DEMOGRAPHICS: Jewish Studies Struggling on Several Fronts, Study Says (JTA, rpt. The Forward).
Student enrollment in Jewish studies classes is declining, and newly minted Jewish studies professors are having a significantly harder time finding tenure-track positions, a new survey found

These are the trends in higher education in general, especially in the humanities.

Tuesday, September 22, 2015

Yom Kippur 2015

YOM KIPPUR, the Day of Atonement, begins this evening at sundown. An easy fast to all those observing it.

Biblical etc. background on Yom Kippur is here and links.

UPDATE (23 September): More historical discussion here.

The search for the tomb of the Maccabees

ISRAEL ANTIQUITIES AUTHORITY PRESS RELEASE: Is the Large Mausoleum Recently Uncovered by the Israel Antiquities Authority and Residents of the Modi‘in Region Really the Tomb of the Maccabees? The Israel Antiquities Authority is calling on the public to donate, volunteer and be part of the journey in discovering one of the most fascinating stories in Israeli archaeology. The short answer to the question is "Maybe."
According to Amit Re’em and Dan Shahar, excavation directors on behalf of the Israel Antiquities Authority, “There is no doubt that the structure that was uncovered is unusual. The descriptions from 150 years ago were revealed right here in front of our eyes, and we discovered the magnificent burial vaults, enormous pillars that apparently supported a second story, a forecourt that led to the tomb and other associated buildings. To our disappointment, the building seen by our predecessors had been robbed, and its stones were taken to construct settlements in the vicinity; nevertheless, the appearance of the place is impressive and stimulates the imagination. The archaeological evidence currently at hand is still insufficient to establish that this is the burial place of the Maccabees. If what we uncovered is not the Tomb of the Maccabees itself, then there is a high probability that this is the site that early Christianity identified as the royal funerary enclosure, and therefore, perhaps, erected the structure. Evidently one cannot rule out the assumptions of the past, but an excavation and a lot of hard work are still required in order to confirm that assumption unequivocally, and the riddle remains unsolved–the search for the elusive Tomb of the Maccabees continues".
Pending additional funding. A very interesting project.

Background here and links.

Satlow interview

MICHAEL L. SATLOW is interviewed by Jason Schulman for New Books in Jewish Studies, with special attention to Prof. Satlow's recent book How the Bible Became Holy.

Reviews of the book etc. are noted here and links.

Syriac post at Fordham

SYRIAC WATCH: Job in Syriac studies at Fordham (Jeanne-Nicole, the Hugoye List).
FORDHAM UNIVERSITY, Department of Theology, invites applications for a tenure-track assistant professorship, beginning Fall 2016, in the field of Syriac Christianity. Candidates must have the ability to teach both the content of Syriac theological literature and the Syriac language. The ability to teach courses on Islam at the undergraduate level is also required.

Follow the link for further particulars. The deadline for receipt of applications is 16 October 2015.

When is a nazirite not a nazirite and a sin not a sin?

THIS WEEK'S DAF YOMI COLUMN BY ADAM KIRSCH IN TABLET: Why in Jewish Law Good Can Be Evil and Evil Good. In this week’s Talmud study: Is just thinking about pork a sin?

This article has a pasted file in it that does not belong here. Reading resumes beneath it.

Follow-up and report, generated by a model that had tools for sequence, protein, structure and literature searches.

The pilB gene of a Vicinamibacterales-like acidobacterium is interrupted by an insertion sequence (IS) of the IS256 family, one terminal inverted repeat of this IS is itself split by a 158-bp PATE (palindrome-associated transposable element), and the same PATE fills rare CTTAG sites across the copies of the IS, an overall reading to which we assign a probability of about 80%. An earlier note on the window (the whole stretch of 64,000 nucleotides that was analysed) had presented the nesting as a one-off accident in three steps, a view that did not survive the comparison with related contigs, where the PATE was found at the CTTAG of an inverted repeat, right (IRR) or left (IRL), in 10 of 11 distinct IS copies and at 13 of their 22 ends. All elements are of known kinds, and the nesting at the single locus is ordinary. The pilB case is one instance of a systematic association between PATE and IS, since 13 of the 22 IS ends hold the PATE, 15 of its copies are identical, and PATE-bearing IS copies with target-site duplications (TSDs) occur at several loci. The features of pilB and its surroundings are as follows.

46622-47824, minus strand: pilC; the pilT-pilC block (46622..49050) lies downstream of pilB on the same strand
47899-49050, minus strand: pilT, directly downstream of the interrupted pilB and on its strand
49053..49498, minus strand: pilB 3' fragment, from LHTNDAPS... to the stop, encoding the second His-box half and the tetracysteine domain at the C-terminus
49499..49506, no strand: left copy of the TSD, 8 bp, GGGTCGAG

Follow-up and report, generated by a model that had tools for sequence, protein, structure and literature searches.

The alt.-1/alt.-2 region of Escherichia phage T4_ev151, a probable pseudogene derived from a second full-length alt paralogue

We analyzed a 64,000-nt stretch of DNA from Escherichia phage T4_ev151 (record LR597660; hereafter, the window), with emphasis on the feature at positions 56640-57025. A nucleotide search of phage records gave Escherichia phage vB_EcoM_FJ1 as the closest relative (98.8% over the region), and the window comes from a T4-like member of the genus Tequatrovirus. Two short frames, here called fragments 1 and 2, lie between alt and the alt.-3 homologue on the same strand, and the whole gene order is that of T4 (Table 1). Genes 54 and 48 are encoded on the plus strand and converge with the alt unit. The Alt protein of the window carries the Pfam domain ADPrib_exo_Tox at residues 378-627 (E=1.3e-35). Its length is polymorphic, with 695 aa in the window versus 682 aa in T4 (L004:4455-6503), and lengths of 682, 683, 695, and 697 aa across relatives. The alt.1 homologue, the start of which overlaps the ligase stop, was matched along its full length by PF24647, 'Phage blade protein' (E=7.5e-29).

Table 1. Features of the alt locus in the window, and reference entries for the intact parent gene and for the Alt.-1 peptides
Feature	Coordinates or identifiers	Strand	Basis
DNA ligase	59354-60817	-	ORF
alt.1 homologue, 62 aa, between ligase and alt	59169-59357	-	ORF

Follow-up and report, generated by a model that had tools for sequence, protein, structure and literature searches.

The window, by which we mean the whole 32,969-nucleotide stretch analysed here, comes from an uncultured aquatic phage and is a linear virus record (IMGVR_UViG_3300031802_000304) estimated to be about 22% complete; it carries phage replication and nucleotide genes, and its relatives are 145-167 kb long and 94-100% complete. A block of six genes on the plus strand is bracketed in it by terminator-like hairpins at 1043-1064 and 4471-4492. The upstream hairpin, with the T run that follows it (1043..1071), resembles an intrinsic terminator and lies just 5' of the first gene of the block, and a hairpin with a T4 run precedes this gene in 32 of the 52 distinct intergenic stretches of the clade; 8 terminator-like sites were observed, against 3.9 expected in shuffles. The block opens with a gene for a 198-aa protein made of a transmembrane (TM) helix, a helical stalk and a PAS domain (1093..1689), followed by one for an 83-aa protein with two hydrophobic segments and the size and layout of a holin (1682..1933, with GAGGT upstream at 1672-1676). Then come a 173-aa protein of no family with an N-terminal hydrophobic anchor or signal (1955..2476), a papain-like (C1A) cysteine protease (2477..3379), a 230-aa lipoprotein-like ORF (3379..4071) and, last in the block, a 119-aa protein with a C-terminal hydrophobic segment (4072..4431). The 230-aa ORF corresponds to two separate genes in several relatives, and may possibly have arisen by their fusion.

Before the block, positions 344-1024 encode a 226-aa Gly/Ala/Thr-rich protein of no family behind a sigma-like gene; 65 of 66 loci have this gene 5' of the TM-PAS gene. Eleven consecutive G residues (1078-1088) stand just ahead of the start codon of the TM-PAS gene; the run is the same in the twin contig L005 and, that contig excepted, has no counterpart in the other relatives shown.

This point of law opens an interesting moral question, which the rabbis address at length starting in Nazir 23a. Say a woman takes a nazirite vow and her husband nullifies it without telling her, so that she believes she is still a nazirite even though legally she isn’t. What if that woman then starts drinking wine, so that she is in violation of what she believes to be her obligations. Has she committed a sin? Legally, it would seem she has not, and the mishna says that she is not liable for the 40 lashes that are ordinarily imposed on a sinning nazirite. But since she intended to sin, it seems unfair that she should be rescued by a technicality. Thus Rabbi Yehuda says, “She should incur lashes for rebelliousness,” and in the Gemara, the sages say, “She requires atonement and forgiveness.” Intending to sin is itself sinful, even if you end up not committing the sin you think you did.
Earlier Daf Yomi columns are noted here and links.

Monday, September 21, 2015


BIBLE ODYSSEY: Pharisees (Joshua Garroway).

HT Anthony Le Donne at the Jesus Blog. Some past PaleoJudaica posts on the Pharisees are here and links.

Jezreel Expedition 2015

THE BIBLE AND INTERPRETATION: Preliminary Report of the 2015 Jezreel Expedition Field Season (Norma Franklin and Jennie Ebeling).

More on Late Antiquity


Late Antiquity Dissolves – By Anthony Kaldellis

Can “Late Antiquity” Be Saved? – By Philip Rousseau

On Authors, Fathers, and Holy Men – By Ellen Muehlberger.

Background here and here.

Georgian in the news

GEORGIA TODAY: Georgian Among 10 Oldest Languages Still Spoken in the World Today.
Lani Seelinger of has compiled a list of the ten oldest languages still spoken in the world today. Georgian features at number nine after Hebrew, Tamil, Lithuanian, Farsi, Icelandic, Macedonian, Basque and Finnish, and followed by Irish Gaelic.
I'm not sure the full list would be as few as ten. Aramaic, for example should be on it as well.
Georgian is the biggest Kartvelian language, and it is the only Caucasian language with an ancient literary tradition. Its beautiful and unique alphabet is also quite old – it is thought to have been adapted from Aramaic as far back as the third century AD.